The production also has on its side director Edwards, who has staged operas and classic plays — a good start if you're working on a classic, sweeping tale like A Tale of Two Cities. Barbour is a veteran of Broadway's Beauty and the Beast, Assassins and Jane Eyre, among other shows.
Keeling is best known as a competitor on the TV audition series, "Grease: You're the One That I Want."
Performances of A Tale of Two Cities continue in Florida to Nov. 18.
Principal casting also includes Natalie Toro as Madame Defarge, Joe Cassidy as Ernest Defarge, Michael Hayward-Jones as Jarvis Lorry, Craig Bennett as Jerry Cruncher, Nick Wyman as John Barsad, Katherine McGrath as Miss Pross, Alex Santoriello as Dr. Manette with Kevin Greene as Gabelle, Tim Hartman as The Turnkey, Jodie Langel as Mrs. Cruncher, Jay Lusteck as Attorney General, Les Minski as Marquis St. Evremonde, Walter Oneil as Cronie, Rob Richardson as Gaspard, Rebecca Robbins as Vengeance, Wayne Schroder as C.J. Stryver and Janine DiVita as a Young French Woman.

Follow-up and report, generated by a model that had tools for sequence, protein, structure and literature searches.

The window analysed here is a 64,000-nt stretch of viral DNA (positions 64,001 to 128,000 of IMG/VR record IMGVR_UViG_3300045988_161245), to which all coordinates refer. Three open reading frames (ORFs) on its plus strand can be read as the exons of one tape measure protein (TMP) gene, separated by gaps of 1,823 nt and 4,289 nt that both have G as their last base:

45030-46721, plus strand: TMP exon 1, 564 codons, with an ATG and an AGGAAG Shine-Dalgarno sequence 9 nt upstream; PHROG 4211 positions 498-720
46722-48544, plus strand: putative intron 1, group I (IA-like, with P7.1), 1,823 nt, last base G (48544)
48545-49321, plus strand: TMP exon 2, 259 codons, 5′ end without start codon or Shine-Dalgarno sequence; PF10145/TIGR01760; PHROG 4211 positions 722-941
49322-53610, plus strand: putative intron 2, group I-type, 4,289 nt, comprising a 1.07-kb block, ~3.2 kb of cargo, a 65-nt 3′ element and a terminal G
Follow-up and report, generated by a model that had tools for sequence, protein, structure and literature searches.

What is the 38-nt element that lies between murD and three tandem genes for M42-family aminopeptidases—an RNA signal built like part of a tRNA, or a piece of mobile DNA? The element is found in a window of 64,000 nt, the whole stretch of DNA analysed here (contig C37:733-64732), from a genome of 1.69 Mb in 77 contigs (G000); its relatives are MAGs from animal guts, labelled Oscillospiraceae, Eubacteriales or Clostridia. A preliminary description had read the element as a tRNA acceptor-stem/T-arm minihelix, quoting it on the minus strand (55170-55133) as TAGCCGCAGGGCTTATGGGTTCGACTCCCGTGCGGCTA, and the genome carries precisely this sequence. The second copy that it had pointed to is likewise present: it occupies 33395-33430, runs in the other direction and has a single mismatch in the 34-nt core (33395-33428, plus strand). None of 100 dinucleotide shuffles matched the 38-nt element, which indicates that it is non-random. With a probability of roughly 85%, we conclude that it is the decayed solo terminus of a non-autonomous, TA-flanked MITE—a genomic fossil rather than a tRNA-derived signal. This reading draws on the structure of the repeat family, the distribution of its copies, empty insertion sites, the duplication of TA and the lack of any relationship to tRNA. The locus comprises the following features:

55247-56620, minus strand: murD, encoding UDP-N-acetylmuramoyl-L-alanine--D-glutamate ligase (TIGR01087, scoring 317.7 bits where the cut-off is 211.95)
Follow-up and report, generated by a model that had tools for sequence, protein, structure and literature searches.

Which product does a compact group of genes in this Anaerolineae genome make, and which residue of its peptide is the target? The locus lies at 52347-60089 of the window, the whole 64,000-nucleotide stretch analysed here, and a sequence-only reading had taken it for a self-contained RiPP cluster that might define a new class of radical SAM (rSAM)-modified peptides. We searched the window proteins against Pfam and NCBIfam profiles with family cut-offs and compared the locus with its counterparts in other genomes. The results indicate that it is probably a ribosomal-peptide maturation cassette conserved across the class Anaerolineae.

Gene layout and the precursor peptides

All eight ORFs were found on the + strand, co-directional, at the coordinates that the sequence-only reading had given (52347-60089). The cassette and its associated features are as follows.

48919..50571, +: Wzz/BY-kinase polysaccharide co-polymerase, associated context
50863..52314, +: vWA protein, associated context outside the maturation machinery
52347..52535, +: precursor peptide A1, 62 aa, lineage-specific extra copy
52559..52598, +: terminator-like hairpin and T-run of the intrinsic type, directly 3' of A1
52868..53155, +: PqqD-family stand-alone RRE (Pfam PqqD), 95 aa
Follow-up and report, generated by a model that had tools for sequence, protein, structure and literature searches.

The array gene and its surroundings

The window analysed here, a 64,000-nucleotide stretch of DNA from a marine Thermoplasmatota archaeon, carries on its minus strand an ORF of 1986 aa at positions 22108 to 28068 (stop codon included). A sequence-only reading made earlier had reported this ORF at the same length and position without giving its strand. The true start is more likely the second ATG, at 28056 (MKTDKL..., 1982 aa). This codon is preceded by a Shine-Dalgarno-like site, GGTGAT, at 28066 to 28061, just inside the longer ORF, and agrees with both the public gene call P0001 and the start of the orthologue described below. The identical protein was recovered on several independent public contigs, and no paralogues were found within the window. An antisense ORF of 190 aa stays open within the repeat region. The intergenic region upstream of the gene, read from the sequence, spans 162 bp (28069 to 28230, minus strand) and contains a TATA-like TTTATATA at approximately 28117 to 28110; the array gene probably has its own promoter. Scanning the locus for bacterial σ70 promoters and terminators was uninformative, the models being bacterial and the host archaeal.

The producers for the commercial production that is expected to emerge from this not-for-profit tryout are executive producers Barbra Russell and Ron Sharpe and producers Sharon A. Fordham, Theatre Associates/David Sonnenberg, The Monagle Group, Fanok Entertainment and Vincent Russell.